THE reappearance of Mrs. Candle's Curtain Lectures in an edition de luxe, with embossed binding, and tinted paper, and illustrations by Mr. Charles Keene, is a curious literary incident. Messrs. Bradbury and Evans seldom make mistakes in their estimate of popular taste, or we should have argued a priori that such a book was certain not to sell. Unmarried men would not buy it, as having small interest for them, and married men would feel a delicate hesitation lest its purchase should be taken as a gentle reproof to their wives. A priori arguments about literature, however, are of very little value, and as a fact, the. lectures are among the very few fugitive papers in Punch which have lived for many years. They were published so long ago that few people under thirty-five have seen them, but the tradition of
their humour lingers, and will secure their success even in this luxurious form. Women will purchase them as well as men, and the fact that they will, that they can enjoy the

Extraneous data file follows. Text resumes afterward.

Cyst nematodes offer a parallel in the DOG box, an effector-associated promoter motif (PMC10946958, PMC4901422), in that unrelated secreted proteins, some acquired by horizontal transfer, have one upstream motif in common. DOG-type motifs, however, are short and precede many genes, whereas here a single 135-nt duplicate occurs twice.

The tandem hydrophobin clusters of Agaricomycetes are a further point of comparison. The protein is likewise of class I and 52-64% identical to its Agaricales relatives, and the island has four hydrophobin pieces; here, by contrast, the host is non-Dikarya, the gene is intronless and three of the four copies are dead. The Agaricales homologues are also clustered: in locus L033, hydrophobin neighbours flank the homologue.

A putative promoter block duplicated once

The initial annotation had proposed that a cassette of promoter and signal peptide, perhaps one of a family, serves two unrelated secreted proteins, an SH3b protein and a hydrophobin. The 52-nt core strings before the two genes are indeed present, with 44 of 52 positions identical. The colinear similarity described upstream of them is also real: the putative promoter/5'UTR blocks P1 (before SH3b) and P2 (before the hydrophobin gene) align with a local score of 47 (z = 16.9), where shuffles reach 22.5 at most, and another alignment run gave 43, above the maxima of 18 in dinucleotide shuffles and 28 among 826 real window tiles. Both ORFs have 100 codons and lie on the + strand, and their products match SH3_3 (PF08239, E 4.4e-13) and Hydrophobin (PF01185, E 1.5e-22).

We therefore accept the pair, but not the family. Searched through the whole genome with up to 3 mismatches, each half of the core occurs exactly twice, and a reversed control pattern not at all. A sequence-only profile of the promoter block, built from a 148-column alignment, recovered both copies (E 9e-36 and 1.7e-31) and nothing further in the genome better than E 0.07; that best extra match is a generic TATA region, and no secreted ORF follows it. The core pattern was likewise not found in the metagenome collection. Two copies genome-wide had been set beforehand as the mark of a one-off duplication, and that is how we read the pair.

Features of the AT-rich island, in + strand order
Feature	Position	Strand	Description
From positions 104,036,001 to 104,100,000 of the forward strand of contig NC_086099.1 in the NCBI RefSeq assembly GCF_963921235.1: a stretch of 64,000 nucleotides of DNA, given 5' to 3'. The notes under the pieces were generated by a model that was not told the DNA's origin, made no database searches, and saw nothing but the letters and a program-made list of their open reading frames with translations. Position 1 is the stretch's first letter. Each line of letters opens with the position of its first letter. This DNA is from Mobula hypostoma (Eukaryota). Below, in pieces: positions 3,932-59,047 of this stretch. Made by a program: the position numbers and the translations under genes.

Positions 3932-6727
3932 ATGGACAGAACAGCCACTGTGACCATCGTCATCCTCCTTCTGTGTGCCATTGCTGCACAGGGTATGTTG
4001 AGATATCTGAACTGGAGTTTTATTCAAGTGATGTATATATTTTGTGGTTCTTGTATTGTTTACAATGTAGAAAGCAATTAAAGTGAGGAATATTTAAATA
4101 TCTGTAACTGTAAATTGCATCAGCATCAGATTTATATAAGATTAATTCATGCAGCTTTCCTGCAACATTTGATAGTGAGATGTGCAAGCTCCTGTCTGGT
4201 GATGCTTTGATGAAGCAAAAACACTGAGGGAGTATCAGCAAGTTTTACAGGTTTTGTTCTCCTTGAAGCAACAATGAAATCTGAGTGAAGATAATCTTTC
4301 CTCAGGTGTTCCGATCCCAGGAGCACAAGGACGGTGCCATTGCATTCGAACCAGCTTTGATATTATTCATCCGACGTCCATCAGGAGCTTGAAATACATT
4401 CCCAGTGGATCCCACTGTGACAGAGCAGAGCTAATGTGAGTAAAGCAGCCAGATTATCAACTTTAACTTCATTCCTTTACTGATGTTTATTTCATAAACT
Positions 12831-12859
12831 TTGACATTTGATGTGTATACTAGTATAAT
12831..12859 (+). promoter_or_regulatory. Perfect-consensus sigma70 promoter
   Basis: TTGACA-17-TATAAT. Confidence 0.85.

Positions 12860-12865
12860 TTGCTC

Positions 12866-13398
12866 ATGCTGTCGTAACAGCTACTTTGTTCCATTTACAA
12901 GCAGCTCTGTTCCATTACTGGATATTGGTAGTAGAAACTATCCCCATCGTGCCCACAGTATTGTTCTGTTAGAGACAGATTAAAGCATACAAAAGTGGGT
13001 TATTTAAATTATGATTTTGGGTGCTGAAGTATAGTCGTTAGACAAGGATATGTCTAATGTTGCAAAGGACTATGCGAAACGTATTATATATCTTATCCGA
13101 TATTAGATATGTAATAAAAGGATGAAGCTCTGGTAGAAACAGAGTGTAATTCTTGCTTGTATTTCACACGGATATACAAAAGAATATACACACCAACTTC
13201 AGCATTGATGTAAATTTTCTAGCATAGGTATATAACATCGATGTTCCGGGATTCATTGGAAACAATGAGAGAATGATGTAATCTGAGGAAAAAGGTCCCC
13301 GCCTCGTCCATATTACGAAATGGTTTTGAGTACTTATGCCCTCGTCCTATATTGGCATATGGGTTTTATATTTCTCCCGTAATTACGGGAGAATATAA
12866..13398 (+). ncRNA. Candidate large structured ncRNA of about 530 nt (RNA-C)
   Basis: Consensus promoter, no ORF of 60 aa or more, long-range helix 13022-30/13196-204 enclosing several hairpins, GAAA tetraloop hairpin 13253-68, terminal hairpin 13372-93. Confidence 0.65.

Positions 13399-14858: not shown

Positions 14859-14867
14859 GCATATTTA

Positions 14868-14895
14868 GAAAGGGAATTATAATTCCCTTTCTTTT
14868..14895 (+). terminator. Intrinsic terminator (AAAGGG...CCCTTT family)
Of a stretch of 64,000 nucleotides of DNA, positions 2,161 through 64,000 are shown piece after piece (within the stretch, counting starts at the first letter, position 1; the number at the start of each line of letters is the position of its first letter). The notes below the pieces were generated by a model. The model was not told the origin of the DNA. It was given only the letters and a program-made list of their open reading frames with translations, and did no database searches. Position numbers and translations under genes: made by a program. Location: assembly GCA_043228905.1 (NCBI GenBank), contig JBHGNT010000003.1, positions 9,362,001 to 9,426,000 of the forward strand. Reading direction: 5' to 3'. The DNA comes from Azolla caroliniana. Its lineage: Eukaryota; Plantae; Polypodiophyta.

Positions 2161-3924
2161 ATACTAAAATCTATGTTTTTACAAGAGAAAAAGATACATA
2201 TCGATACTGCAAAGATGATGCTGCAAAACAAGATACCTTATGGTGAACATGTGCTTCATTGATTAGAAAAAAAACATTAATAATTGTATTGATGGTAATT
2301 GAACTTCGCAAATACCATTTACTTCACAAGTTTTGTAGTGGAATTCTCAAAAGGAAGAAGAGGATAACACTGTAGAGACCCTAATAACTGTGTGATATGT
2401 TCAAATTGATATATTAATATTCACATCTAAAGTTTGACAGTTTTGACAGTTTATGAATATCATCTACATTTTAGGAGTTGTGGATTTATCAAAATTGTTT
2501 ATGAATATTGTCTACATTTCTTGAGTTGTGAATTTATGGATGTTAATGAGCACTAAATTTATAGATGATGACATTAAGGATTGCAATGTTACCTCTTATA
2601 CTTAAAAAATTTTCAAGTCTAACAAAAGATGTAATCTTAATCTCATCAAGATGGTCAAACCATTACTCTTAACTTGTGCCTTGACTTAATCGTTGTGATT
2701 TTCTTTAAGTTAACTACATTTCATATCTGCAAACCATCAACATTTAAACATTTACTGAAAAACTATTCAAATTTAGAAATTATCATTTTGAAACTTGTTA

humour without feeling in it a reproach, explains much of their popularity. Every woman thinks she has tact, and sees,
what men often do not, that Mrs. Caudle's defect was not temper, or meanness, or jealousy, or any one of the bad qualities which Mr. Jerrold made so broadly comic, but simply want of tact. Mrs. Caudle is in the right nine times out of ten. It is a great deal better for a decent tradesman to avoid card clubs, and little extravagancies, and flirtations, and over much brandy and Water, nor is it very unreasonable to warn him not to neglect wealthy relatives, or to ask him not to forget the children's need of a trip to the sea. That is all Mrs. Caudle does, and women